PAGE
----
Horniman Museum & Gardens | Accidentally Wes Anderson

Horniman Museum & Gardens

Accidentally Wes Anderson - Horniman Museum & Gardens Enlarge

London, United Kingdom | C.1901

Photo Credit: Skye O’Neill

Lofty arched ceilings, endless cases of taxidermic specimen and glass enclosures that house gardens and butterflies all make up the Horniman Museum and Gardens. Located in Forest Hill, London, England, it was commissioned in 1898 and designed by Charles Harrison Townsend in the Arts and Crafts style. Opened to the public in 1901, it has displays filled with anthropology, natural history, musical instruments and is known for its large collection of taxidermy animals.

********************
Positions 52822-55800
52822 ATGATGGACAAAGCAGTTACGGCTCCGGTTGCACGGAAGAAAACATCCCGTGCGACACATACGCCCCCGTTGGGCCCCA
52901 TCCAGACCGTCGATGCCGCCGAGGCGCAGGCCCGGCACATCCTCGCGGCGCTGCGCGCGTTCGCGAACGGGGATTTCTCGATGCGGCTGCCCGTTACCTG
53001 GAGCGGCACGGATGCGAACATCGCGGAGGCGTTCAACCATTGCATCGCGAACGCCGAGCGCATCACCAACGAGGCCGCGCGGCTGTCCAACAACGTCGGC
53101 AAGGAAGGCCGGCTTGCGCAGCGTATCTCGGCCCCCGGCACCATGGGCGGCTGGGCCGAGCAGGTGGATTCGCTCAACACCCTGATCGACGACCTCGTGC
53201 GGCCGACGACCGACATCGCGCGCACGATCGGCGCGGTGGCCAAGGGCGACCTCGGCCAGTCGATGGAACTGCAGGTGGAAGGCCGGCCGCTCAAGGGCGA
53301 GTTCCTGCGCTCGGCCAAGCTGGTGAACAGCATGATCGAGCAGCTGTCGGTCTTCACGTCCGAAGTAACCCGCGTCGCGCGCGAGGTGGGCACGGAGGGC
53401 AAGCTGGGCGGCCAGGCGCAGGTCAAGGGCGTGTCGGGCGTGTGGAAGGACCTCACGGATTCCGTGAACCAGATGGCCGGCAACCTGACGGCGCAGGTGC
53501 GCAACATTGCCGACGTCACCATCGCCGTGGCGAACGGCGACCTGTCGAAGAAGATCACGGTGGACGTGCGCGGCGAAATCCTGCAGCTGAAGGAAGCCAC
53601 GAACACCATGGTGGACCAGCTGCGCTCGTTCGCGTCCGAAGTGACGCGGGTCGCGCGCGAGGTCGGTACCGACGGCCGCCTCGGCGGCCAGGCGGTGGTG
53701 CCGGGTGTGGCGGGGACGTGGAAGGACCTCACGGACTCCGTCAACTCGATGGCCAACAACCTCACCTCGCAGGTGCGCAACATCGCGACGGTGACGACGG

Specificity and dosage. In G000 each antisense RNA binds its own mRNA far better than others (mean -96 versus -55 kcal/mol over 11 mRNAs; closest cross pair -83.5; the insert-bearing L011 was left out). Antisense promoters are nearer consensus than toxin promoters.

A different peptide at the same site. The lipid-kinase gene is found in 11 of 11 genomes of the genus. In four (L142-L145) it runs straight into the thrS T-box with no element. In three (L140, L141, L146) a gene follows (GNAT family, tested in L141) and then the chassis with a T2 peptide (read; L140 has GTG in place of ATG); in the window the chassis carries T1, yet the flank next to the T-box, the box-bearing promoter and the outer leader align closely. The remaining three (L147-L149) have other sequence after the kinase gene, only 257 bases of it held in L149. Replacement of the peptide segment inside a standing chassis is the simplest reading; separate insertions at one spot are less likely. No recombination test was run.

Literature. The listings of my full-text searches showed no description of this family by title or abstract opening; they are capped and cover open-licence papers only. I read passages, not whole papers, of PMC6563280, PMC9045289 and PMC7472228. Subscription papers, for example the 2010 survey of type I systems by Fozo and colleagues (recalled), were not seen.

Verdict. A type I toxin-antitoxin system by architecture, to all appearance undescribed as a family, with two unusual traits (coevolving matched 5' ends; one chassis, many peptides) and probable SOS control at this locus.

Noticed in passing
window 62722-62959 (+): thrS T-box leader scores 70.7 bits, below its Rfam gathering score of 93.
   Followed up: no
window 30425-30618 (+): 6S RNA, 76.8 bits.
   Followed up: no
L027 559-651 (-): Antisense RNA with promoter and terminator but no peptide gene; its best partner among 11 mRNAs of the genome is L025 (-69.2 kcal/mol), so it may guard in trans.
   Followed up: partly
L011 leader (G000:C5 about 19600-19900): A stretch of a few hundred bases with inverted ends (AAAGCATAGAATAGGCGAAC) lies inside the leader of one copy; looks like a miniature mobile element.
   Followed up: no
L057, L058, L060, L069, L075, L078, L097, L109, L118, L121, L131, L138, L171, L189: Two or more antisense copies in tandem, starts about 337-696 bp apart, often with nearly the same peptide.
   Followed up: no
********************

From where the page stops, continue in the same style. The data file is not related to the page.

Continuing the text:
Founded by Frederick John Horniman, Frederick had inherited his father’s Horniman’s Tea business, which by 1891 had become the world’s biggest tea trading business. Being left with a profitable business allowed him to indulge his lifelong passion for collecting, and after travelling extensively had some 30,000 items in his various collections, covering natural history, cultural artifacts and unique musical instruments.

The museum’s structure rests within 16-acres of gardens. The garden contains unique features of its own, including a Grade II listed conservatory from 1894 which was moved from Horniman’s family house to the gardens in the 1980s, a bandstand from 1912, an enclosure for small animals, a butterfly house and a sound garden with large musical instruments.

The Horniman museum currently boast over 350,000 objects in its collection. If visitors can’t find something in the cases or enclosures that piques their interest, they will certainly find something interesting in the architecture or surrounding gardens.

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